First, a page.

On the traditional opening day of the fall campaign, California's candidates for governor took off the gloves Monday and accused each other of not being up to the job. With that, they ushered in what will be the most-watched gubernatorial contest in the nation this year, one with a potentially profound impact not only on the running of the nation's largest state but on the looming 1996 presidential contest.
At a Labor Day pancake breakfast on the grounds of Los Angeles Trade-Technical College, Democratic challenger Kathleen Brown tore into Republican incumbent Pete Wilson on the joint themes of economics and education.
"This is a state that was built on the workers, the workers who came here from all over the country and the world to find a decent job, good schools and safe communities," she said. "In four years under Pete Wilson, we have seen the promise that once was California destroyed--job by job, school by school and community by community. And we're not going to give him a job for four more years, are we?
"Pete Wilson wants to keep his job. Let's ask him what he's done to help you keep yours."
Across town in Marina del Rey, where he spent an hour shaking hands and lunching with lifeguards and fire rescue crews, Wilson characterized Brown as a woman content to sit on the sidelines--"a non-player"--while he did the dirty work of governing the state.
Wilson said his remarkable political resurgence--he has come from 20-plus points down in the polls a year ago to a narrow lead now--is due to voters directly comparing him and Brown.
"Frankly, they are contrasting the record of performance with a lot of conversation from Ms. Brown, and they don't see any real participation (from her) in making the kind of change that they think important," he said.
"She has not been involved in either changing the jobs climate, in making any of the reforms that we have targeted to small business employers to keep them in the state. She hasn't been involved at all in any of the reforms of the criminal justice system. The words welfare reform I don't think passed her lips until she was a candidate for governor, indeed most of the things she's talking about now didn't."
As the cross-sniping indicated, the election is expected to be hard-fought, even bitter, before it ends on Election Day, Nov. 8. And the emotions cross state borders, for throughout the nation, the California race is being watched by political seers seeking to divine the futures of both parties.
Democrats have lusted after the governor's office since they lost it in 1982, and it is seen as particularly important this year as the buildup continues to the 1996 presidential election.
Republicans are yearning to hold on to the seat to arrest the staggering momentum of Democrats here, who in the last statewide election in 1992 won two U.S. Senate seats and destroyed Republican hopes of dominance in the Legislature and Congress.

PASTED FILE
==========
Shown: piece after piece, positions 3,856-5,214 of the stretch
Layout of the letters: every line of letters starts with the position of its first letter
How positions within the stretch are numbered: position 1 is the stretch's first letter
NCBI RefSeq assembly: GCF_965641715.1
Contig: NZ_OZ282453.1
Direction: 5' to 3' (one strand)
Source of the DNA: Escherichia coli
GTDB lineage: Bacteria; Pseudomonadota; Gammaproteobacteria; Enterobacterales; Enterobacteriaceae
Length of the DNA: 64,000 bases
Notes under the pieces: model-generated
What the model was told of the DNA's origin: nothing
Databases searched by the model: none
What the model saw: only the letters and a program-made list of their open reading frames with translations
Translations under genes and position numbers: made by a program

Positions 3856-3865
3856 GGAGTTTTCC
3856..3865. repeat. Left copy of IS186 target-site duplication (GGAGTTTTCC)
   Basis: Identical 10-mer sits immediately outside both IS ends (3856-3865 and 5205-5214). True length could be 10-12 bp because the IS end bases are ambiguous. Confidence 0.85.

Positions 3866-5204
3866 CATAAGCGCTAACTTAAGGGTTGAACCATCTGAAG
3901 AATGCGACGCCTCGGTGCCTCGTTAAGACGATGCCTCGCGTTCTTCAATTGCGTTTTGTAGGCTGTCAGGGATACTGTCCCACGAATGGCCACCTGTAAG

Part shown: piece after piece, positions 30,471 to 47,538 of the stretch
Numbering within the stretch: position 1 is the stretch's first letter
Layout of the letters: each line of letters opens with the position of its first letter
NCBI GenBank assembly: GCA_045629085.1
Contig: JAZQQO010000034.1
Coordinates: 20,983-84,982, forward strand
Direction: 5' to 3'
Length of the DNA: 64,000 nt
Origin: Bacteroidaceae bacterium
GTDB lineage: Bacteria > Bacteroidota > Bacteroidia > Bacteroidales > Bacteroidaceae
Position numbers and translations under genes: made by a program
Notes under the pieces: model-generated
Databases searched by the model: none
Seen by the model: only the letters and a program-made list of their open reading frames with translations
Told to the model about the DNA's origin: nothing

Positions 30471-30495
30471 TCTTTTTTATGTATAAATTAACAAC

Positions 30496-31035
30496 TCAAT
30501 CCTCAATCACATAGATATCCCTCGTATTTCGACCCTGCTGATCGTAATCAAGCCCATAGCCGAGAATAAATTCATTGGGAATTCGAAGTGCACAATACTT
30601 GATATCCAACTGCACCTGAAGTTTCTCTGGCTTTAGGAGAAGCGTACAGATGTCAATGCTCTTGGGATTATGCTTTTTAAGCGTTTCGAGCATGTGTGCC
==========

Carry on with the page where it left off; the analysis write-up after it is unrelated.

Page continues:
For the two nominees, however, the race is personal. Brown is seeking to be the third member of her family to occupy the governor's suite, after her father Edmund G. (Pat) Brown Sr. and her brother Edmund G. (Jerry) Brown Jr. Wilson is fighting to defy those who counted him out last year when his popularity fell to record lows.
For most of the summer, the election has been fought on Wilson's turf--crime. Brown sought Monday to broaden her attack with her contention that Wilson has been the worst governor for education in the state's history and has presided over the destruction of one job for every 34 minutes of his tenure.
"We can restore the dream, we can restore the promise," she said.
Wilson, while belittling Brown on a range of issues, signaled that crime will be at the forefront of his autumn attack. He took particular delight Monday in lancing her for saying recently that crime would be a "so-what" issue to voters in the fall.
"Anyone who can say it's a so-what issue in October has never understood it in the first place, has never had the visceral understanding of why people are outraged," he said. "If she thinks that, she's deluding herself and no one else."
The candidates also quarreled long-distance over debates. Brown complained that Wilson has refused to agree to debate her.
"I want him to debate me like a man," she said. "He's out there hiding behind his wife, (and) the Republican female governor of New Jersey. Let's get a debate. Let's get five debates."
Wilson's wife, Gayle, has been actively campaigning for him, and last week New Jersey Gov. Christine Todd Whitman visited on his behalf. Wilson has declined any debates in September, citing the press of business in Sacramento, where he has 1,500 legislative bills on his desk for a signature or a veto.
In Marina del Rey, the governor dismissed Brown's debate lament. "That's gamesmanship of the kind that she would do well to abandon," he said. "She knows that we initiated the whole debate question. We asked her to debate."